If NASA’s goal with the NASA Social program is to pay service to the Space Believers while cultivating new ones, it’s a rousing success — the sense of potential was palpable among the group. But none of that energy can change this immutable rule: space is hard, and we have much to learn. In his reply to my Facebook post about the loss I felt after watching the Falcon 9 rocket disintegrate into oblivion, NASA Astronaut Ron Garan offered the following: “The lessons learned from the failure will save lives down the road when Dragon launches crew.” He’s right, of course. But it’s still difficult to get swept up in the excitement of space travel, only to be confronted with an explosive reminder of how far the future remains.

Erin Sharoni is a Creative Strategist at biotech startup InsideTracker, a writer for DJ Mag and an electronic dance music DJ and producer.

TIME Elon Musk

Tesla’s Elon Musk Just Had the Worst Birthday Ever

Tesla Elon Musk
Noah Berger—AP Tesla's CEO Elon Musk.

A disastrous weekend for both Tesla and SpaceX

Elon Musk turned 44 on Sunday, but the entrepreneur probably wished he could just crawl back into bed and forget the day ever happened.

It was, to be frank, a disastrous weekend for both Tesla and SpaceX, the two companies Musk leads.

First, the biggie: an unmanned SpaceX rocket on a resupply mission to the International Space Station exploded after it was launched. No one was hurt, and the astronauts on board the Space Station have enough supplies to last until October, but the Falcon 9 rocket that was destroyed represents a lot of lost capital, and it’s always embarrassing for an aerospace company when a craft just, well, explodes.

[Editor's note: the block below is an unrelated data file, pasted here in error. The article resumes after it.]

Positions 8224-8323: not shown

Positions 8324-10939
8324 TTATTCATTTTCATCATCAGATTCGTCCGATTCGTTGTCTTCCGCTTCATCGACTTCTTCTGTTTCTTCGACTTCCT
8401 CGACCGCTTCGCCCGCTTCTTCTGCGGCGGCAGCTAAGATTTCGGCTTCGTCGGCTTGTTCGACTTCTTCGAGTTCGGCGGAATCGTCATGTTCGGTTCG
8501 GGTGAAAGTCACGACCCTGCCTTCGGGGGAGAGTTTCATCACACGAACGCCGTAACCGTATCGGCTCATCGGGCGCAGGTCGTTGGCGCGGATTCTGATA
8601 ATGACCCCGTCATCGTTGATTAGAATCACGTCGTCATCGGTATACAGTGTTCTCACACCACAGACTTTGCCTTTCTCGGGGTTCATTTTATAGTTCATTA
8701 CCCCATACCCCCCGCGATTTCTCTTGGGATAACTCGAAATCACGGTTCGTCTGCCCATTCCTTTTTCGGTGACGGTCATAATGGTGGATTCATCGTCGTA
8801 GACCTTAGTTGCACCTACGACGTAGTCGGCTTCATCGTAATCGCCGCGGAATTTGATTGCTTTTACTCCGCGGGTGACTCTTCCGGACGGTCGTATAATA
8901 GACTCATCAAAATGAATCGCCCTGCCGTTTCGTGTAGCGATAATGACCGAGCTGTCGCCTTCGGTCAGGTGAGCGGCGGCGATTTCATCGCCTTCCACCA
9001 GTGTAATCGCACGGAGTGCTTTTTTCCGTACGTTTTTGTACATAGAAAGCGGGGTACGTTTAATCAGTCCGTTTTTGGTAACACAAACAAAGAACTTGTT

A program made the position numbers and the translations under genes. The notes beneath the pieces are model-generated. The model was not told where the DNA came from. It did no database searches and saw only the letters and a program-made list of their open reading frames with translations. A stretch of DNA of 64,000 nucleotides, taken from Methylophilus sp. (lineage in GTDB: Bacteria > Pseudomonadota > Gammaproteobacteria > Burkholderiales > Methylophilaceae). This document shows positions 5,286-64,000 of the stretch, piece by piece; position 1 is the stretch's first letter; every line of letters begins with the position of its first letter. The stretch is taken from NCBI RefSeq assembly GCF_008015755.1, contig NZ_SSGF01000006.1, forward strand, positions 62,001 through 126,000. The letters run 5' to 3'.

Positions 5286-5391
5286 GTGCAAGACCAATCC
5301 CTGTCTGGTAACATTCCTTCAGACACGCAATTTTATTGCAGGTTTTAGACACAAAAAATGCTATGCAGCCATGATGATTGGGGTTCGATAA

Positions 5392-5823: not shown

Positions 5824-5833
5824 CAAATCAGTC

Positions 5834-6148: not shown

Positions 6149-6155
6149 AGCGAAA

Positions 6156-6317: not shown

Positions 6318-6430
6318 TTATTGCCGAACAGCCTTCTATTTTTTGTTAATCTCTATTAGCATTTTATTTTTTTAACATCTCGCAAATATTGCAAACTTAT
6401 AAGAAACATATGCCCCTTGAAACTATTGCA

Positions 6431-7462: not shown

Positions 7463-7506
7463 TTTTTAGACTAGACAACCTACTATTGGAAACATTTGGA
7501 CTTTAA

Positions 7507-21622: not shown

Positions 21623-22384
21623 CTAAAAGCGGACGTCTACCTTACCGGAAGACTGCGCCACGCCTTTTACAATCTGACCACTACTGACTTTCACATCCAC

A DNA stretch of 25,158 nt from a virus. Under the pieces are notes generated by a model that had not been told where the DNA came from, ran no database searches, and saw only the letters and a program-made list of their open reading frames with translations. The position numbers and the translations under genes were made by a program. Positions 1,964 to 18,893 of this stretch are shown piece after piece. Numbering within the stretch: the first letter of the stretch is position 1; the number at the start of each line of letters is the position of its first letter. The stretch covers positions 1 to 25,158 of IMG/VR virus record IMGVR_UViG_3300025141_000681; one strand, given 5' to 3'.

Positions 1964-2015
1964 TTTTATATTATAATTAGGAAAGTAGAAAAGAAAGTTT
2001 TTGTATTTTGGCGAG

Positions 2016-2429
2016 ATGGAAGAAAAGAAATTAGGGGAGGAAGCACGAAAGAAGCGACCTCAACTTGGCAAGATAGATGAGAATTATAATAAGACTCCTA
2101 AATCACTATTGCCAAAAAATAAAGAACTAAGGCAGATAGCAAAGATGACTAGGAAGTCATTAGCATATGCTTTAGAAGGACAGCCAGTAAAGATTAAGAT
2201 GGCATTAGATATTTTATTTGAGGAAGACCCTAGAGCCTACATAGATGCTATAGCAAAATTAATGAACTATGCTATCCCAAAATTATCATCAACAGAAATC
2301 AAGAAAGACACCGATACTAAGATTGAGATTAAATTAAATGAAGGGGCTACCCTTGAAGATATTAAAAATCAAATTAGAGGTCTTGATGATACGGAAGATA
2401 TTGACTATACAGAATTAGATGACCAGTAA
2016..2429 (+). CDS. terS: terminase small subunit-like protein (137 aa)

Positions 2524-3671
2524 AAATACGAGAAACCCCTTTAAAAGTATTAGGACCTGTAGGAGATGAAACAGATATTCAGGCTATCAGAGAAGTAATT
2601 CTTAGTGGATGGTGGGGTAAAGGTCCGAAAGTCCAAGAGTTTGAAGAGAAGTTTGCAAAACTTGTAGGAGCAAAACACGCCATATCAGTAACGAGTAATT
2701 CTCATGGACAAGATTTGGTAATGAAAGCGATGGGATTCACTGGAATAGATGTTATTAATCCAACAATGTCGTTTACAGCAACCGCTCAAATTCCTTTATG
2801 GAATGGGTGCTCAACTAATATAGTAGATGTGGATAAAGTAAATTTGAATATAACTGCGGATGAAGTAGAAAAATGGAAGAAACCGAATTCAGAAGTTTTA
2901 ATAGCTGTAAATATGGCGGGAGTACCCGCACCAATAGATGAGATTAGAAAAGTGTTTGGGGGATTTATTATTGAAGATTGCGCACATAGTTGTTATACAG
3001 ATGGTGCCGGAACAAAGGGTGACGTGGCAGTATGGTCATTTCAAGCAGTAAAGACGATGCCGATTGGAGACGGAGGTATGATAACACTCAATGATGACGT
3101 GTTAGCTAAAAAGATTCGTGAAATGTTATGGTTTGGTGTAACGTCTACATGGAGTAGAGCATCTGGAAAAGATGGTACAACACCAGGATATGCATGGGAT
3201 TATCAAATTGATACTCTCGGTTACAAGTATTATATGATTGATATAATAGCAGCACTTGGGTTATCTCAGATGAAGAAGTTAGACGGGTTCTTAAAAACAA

In news that was slightly less spectacular, but still troubling, reports say Musk said Tesla owners weren’t using the battery swap technology he debuted in 2013. While this doesn’t have quite the visual impact of an exploding rocket, it’s still not good news for a service that Musk and other Tesla execs hoped would help show consumers that electric cars, like Teslas, can be taken on longer trips with minimal wait time.

Musk himself admitted to having a bad day:

We hope your Independence Day weekend is better, Elon.

TIME A Year In Space

How Serious a Setback Is the SpaceX Rocket Explosion?

A dramatic accident just minutes after launch could mean problems for the International Space Station

There are uncountable laws of physics and engineering that govern the launch of a rocket. But there’s one that supersedes them all: Ultimately, stuff will blow up. Always has, always will.

Elon Musk had never come face to face with that rule before — at least not in space travel — but Sunday morning he did in a very big way, when his Falcon 9 rocket and unmanned Dragon cargo vehicle exploded just two and a half minutes after launch. The rocket came undone before its first stage had even shut down and separated, blowing itself to pieces and auguring into the Atlantic just off the Cape Canaveral coast.

NASA, as NASA does, initially framed the failure as clinically as possible, describing it as a “non-nominal” liftoff. But NASA administrator Charles Bolden later described the agency as “disappointed” by the loss of the mission. “We will work closely with SpaceX to understand what happened, fix the problem and return to flight,” he said. “This is a reminder that spaceflight is an incredible challenge, but we learn from each success and each setback.”

Musk himself was more candid, if a little oblique: